Water shortages from climate change and large-scale commercial agriculture sparked protests last year in Zagora, Morocco. Hear from residents about the new lack of clean water in the parched neighborhood, which may be a sign of things to come as water becomes more scarce — in this African country and elsewhere. This audio was produced as part of a School for International Training study abroad program, in association with Round Earth Media. Photo Credit: Sophie Nunnally
Facilities for juveniles aren’t the archaic punitive dungeons they used to be. We travel to Laurel, Md., to see how New Beginnings and the Department of Youth Rehabilitation Services are changing the way we treat teens in the criminal justice system. Girls and black boys are still at higher risk of being put behind bars, and leaders struggle with how to change that. Photo Credit: Jarrad Henderson
Daniel Tapia, left, and Troy Delome found an escape from repeat offenses at The First 72+. Tapia says he was "trained for prison" from an early age, influenced by men who were in his life when he was a child.
Asia says she was "lit" at her own court proceedings because she "knew she was going in to lose." She describes what it's like to be in prison, and what it's like to face losing time spent with her young son.
The last thing you might expect is for an ex-inmate from a maximum security prison to become an optician. But Derrick Perique, who has been incarcerated five times, found a way to defy the odds. Hear how he made it, and how the New Orleans non-profit First 72 Plus helped him do it.
Oklahoma inmate Candace Harp-Harlow has spent nearly her entire life incarcerated. USA TODAY's Policing the USA freelancer Lottie Joiner takes a look at the 29-year-old's prison experiences and the Oklahoma system to find out what she and other women need to break free. For more on Policing the USA's Re-entry project, visit reentry.usatoday.com.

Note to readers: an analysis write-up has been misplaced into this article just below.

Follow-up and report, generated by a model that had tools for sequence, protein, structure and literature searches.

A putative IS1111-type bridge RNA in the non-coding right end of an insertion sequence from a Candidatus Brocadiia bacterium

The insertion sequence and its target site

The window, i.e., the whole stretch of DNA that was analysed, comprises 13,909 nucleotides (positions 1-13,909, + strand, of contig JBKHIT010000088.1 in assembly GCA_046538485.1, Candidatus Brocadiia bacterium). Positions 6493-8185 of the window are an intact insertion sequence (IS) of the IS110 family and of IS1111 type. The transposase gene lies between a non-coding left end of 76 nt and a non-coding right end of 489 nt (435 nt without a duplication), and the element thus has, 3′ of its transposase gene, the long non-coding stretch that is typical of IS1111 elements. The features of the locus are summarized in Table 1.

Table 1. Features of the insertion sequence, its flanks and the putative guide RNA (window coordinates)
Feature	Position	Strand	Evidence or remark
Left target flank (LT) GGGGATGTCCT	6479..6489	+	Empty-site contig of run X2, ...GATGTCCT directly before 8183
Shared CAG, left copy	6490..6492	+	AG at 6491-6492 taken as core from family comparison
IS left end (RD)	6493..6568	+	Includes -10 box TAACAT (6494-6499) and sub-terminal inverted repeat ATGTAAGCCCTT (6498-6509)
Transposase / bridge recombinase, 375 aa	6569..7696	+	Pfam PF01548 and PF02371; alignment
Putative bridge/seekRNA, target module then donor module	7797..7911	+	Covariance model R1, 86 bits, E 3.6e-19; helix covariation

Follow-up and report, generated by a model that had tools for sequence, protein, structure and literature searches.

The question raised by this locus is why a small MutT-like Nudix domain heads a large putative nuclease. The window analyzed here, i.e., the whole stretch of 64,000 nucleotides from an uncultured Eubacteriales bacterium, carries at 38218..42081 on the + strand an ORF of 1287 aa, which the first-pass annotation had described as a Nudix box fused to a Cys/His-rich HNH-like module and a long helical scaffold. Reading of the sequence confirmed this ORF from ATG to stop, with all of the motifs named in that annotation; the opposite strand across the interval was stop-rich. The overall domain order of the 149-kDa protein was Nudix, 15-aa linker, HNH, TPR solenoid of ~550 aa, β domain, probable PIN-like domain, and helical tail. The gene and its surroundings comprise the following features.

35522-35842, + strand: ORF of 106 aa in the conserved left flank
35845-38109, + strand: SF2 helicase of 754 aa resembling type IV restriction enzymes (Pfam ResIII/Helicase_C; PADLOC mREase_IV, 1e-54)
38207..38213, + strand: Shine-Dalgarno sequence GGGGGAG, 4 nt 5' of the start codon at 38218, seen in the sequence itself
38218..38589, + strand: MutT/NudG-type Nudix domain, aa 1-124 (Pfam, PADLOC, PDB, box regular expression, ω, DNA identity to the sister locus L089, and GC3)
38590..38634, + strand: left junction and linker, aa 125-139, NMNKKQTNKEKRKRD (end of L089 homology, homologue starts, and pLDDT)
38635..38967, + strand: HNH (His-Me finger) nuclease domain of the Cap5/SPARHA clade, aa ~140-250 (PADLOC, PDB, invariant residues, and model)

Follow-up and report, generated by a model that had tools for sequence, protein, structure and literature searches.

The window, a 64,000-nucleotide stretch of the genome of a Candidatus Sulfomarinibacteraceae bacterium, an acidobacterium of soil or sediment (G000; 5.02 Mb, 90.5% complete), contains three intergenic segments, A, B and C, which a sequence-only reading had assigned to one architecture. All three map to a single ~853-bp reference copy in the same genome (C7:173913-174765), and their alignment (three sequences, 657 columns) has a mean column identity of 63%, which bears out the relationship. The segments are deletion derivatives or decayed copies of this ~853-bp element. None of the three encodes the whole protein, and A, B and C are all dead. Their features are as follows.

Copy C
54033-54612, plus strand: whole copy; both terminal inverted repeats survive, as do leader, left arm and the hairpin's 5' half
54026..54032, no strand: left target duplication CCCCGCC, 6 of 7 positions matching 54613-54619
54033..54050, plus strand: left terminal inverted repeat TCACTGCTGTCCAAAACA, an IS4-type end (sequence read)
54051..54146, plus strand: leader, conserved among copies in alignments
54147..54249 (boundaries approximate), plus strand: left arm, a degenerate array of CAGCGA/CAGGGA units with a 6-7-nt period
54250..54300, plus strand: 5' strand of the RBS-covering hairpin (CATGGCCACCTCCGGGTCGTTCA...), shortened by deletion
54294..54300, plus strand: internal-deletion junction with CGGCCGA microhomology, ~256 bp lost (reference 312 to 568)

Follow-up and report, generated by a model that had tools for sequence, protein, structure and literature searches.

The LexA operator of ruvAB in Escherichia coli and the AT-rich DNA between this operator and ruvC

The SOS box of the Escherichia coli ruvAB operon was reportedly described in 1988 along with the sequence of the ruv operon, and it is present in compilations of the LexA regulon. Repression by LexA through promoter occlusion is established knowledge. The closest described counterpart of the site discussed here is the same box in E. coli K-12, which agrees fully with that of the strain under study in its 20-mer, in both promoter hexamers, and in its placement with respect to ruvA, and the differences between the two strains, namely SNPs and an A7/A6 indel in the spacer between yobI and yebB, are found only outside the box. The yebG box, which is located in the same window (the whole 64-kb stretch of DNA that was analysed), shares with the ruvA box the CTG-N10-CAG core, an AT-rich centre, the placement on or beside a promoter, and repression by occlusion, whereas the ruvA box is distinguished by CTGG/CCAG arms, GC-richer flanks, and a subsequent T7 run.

We went to Baltimore's 21215 community to find out what life is like in the Zip code that was one of the most raided by police in 2013-2014, the most recent years with statistics. What changes does the community want to see from police? What do they think police are doing OK? Here are their stories of tragedy and pain; unity and the push for progress.
USA TODAY science reporter Doyle Rice talks with Charlene Washington about how weather conditions are shaping up for the total solar eclipse on Aug. 21 and why those eclipse glasses are not just a marketing scheme.
Casey Irwin was locked up three times for theft, bank fraud and selling drugs. She felt that she didn't learn much that helped her improve her life in the outside world until her last stint in the system.
Jesse Wiese had a job when he was released from prison in 2006. He slung manure for about eight months before become the re-entry manager for Prison Fellowship. He managed 75 men coming out of the Iowa prison system.
Friday's inaugural forecast calls rain during the swearing-in of Donald Trump as the 45th president of the United States. Temperature-wise, though, the weather will be downright balmy compared to Barack Obama's first inauguration ceremony or Ronald Reagan's second — and definitely better than it was for No. 9, William Henry Harrison. He died of pneumonia a month after standing outside in the cold and rain with no hat or coat in 1841. USA TODAY's Charlene Washington and Doyle Rice talk...
David Rimer, a 59-year-old white male, carries a weapon and has been pulled over by police. He's been ticketed and his weapon has been confiscated. Listen to what he says is fair interaction during traffic stops. (Photo: Jack Gruber, USA TODAY)
American clown and social activist "Patch Adams" tells USA TODAY's Kim Hjelmgaard in St Petersburg why he thinks Russian President Vladimir Putin may hold the key to good relations between Moscow and Washington.
On Sunday and Monday (Nov. 13-14), astronomy fans will be treated to the biggest supermoon in 75 years. USA TODAY's Charlene Washington and Doyle Rice offer tips on how to best view and photograph it. They also offer a little history behind what used to be called "the beaver moon."